This splendid new release confirms the excellent impression made by its predecessors, especially the remarkable disc containing the Fourth Piano Concerto and other orchestral works. Kapustin’s jazz-inflected style offers a full range of expressive nuance projected in a consistently kinetic, refreshing and melodically attractive language that is uniquely his own. The Fifth Piano Concerto is a single-movement work about twenty minutes long, and there’s not a dull moment, particularly in Frank Dupree’s nimble and virtuosic performance. Whiplash interchanges between the solo and orchestra ensure endless textural variety, while the musical ideas tumble over one another with uninhibited abandon. It’s as lovable as it is sophisticated, with the Berlin Radio Symphony Orchestra under Dominik Beykirch having a great time as a full participant in the proceedings.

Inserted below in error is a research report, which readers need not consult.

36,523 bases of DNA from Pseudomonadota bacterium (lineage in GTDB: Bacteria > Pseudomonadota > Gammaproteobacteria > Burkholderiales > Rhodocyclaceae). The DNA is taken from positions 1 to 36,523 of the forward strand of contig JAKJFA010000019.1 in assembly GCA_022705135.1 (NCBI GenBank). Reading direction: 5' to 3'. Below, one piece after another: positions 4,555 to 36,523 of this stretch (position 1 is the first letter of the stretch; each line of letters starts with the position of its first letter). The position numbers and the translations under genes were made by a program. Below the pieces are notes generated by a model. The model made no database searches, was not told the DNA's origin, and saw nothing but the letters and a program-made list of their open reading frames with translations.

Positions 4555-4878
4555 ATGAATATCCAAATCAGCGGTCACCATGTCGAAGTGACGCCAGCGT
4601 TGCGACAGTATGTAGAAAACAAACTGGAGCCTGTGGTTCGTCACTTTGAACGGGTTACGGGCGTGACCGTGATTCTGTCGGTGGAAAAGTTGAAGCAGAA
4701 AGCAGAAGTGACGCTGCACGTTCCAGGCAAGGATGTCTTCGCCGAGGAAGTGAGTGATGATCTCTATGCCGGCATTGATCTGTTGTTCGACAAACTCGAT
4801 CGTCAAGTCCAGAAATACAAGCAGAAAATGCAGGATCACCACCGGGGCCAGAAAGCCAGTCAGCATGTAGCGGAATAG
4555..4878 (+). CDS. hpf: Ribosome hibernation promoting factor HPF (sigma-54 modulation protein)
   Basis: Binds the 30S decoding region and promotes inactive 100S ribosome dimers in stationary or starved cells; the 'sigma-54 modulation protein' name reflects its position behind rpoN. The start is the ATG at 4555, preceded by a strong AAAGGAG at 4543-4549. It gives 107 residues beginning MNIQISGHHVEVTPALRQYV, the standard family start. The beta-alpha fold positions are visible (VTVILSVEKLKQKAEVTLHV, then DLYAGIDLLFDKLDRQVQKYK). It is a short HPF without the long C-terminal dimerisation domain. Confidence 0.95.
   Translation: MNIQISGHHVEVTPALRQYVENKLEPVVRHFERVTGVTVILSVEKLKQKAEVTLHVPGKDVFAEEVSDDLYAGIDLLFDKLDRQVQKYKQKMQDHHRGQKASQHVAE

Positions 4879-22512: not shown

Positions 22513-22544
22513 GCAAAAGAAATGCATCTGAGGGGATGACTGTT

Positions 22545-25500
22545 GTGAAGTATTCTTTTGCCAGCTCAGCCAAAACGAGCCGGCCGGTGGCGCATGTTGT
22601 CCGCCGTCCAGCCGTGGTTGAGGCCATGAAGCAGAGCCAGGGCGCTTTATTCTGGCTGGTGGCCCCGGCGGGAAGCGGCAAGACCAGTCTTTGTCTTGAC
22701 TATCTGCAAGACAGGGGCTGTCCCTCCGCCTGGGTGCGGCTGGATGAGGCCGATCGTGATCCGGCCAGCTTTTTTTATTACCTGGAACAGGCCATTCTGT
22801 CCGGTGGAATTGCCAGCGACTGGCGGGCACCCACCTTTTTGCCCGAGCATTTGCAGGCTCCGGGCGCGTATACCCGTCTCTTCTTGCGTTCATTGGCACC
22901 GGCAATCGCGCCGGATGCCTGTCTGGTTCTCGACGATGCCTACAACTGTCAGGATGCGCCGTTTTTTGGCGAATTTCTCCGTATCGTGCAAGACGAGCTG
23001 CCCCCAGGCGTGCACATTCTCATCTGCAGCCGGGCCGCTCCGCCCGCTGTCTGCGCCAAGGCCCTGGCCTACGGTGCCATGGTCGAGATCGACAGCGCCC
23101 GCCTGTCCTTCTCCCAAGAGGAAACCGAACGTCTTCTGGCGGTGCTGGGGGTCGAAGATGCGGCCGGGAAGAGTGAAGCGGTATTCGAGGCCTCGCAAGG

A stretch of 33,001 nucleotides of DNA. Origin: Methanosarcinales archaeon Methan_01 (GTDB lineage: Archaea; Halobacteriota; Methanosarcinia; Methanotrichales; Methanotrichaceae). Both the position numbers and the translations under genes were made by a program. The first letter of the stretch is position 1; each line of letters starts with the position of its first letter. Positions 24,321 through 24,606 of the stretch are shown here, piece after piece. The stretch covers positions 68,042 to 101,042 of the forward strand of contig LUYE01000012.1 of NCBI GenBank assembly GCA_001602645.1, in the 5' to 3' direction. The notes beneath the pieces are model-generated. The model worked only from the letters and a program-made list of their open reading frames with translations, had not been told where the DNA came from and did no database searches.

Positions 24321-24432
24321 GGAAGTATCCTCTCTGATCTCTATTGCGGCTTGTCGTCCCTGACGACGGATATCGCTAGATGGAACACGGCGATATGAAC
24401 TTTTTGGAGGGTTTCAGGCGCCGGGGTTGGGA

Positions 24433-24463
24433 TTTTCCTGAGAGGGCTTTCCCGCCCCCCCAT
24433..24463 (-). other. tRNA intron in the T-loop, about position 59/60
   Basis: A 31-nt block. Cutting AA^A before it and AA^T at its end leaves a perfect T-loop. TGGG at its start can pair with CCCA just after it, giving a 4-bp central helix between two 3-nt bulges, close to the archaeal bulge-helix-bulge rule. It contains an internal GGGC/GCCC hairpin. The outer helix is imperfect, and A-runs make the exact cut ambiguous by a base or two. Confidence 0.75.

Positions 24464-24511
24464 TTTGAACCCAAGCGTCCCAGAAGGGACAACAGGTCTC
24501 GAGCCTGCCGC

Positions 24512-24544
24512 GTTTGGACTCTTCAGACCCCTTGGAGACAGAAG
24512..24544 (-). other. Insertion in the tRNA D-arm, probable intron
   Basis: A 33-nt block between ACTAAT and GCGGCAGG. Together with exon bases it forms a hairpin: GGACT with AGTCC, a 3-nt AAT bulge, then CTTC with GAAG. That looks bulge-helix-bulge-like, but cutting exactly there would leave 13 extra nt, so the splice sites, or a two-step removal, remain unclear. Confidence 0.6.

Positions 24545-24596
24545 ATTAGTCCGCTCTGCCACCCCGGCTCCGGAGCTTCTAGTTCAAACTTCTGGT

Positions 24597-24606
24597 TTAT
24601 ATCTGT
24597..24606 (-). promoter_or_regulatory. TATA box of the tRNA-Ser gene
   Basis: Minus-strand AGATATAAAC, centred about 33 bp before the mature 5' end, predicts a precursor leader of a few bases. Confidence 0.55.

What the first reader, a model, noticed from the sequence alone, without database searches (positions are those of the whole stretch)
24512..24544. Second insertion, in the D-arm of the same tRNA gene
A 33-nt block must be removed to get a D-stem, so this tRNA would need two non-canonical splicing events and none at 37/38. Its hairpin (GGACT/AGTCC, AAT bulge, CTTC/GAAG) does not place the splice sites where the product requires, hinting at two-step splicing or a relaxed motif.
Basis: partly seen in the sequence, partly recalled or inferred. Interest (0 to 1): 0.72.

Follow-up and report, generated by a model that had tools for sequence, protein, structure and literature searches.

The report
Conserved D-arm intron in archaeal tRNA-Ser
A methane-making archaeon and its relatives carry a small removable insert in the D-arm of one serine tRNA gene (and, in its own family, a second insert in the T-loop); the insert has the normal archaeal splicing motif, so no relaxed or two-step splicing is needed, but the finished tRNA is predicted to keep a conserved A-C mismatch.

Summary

The Concerto for Two Pianos and Percussion will evoke memories of Bartók’s Sonata for the same combination, but otherwise the two works couldn’t be more different in style. The percussion here is basically a drum set, plus a selection of mallet instruments including xylophone, vibraphone and glockenspiel. The piece is a touch more harmonically astringent than the concerto, but no less engaging. Franck Dupree is joined here by equally able Adrian Brendle on second piano, who also participates in this lively version of the delightful Sinfonietta for piano four-hands. This piece also exists as an orchestral original, which we can only hope to hear someday–it’s a tuneful, high-spirited gem. As you might have surmised, the performances leave nothing to be desired, and Capriccio’s sonics are first rate. This series only goes from strength to strength. You will surely want to hear it.
-- ClassicsToday.com (10/10; David Hurwitz)